This indeed presents the desperate need for some wise and courageous provincial government within one of the thirty-four hot spots to take the lead by delivering a sustainable community living with in a hot spot.

Vietnam lying at the eastern edge of Indo-Burma hot spot, which spreads across to its western edge at the Bangladesh border, is part of one of the world’s richest bio-diverse eco-systems under threat. The vegetation in the Indo-Burma region originally extended over two million (km2). In total, only 236,000 km2 are officially protected, representing roughly ten percent of the original extent of vegetation in the hotspot. Only 132,280 (km2) (60) are in highly protected areas according to International Union for the Conservation of Nature. Creating a sustainable city and province in the heart of one of the richest ecosystems would be a first in the world. It could set the standard and become the prototype for all developing countries.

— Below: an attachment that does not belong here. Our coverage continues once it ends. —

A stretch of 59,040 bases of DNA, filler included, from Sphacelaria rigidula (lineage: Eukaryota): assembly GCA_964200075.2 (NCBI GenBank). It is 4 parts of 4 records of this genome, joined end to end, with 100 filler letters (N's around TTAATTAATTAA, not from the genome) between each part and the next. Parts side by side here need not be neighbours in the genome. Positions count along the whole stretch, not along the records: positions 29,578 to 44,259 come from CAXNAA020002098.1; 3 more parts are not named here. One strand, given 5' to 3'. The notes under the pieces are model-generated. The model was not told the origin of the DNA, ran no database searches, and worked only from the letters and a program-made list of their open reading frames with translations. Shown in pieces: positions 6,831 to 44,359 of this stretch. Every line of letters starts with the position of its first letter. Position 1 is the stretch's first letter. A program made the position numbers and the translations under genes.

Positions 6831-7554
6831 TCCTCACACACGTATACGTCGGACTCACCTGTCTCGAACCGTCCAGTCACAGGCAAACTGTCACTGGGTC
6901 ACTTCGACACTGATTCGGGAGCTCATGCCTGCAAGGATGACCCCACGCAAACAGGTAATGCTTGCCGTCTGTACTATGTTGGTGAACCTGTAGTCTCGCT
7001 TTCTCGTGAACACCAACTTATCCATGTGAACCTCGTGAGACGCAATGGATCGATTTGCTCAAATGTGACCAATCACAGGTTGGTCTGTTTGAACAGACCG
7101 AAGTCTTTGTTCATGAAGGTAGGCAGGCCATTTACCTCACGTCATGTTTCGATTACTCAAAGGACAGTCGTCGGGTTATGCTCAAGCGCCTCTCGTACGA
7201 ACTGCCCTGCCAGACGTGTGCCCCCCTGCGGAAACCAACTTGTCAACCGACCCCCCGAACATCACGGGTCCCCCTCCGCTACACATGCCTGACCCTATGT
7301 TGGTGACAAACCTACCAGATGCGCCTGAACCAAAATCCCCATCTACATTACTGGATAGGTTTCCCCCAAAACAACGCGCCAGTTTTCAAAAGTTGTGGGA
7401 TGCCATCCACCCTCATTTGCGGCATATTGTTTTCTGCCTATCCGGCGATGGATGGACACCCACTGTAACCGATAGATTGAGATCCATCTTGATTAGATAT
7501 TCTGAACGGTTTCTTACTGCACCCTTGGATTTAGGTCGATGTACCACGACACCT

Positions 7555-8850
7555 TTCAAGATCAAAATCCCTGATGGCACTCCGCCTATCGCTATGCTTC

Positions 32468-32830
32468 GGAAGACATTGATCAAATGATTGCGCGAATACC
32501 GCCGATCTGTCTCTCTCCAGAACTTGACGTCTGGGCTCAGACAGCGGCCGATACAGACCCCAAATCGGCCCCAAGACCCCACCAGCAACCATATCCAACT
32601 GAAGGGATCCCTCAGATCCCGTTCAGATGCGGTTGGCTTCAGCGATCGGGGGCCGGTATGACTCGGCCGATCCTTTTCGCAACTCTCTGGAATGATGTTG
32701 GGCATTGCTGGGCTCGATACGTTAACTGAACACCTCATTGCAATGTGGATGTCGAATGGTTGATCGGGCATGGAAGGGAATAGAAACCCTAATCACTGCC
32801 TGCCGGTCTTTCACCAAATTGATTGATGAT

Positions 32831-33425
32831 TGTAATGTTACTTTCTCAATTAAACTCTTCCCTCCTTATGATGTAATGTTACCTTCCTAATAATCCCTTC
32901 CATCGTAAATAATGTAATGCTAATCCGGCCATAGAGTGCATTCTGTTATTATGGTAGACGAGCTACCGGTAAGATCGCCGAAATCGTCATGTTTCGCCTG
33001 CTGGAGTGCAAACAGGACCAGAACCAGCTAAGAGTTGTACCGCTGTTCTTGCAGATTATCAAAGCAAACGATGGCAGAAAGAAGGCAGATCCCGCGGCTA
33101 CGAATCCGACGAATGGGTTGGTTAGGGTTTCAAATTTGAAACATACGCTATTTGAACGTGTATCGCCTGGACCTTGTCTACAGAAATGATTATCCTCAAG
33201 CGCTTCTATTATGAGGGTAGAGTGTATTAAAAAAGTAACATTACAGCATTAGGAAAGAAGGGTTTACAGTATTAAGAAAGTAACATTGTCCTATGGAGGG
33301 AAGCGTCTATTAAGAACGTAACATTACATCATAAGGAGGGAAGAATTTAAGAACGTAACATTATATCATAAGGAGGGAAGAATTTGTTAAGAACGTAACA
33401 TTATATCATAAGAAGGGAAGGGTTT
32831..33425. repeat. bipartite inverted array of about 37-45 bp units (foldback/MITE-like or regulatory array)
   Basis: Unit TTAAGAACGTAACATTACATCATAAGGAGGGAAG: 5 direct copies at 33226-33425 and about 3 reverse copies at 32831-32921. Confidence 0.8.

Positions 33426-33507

Most of the cities are burdened with old infrastructure and incumbent businesses that have not allowed them to move beyond "greening". Dalat and Lam Dong are at an early enough stage in the industrialization process to leap frog with technology to a truly sustainable model. Because of the Buddhist values, the local cultures’ consciousness could naturally support this process and sustainability.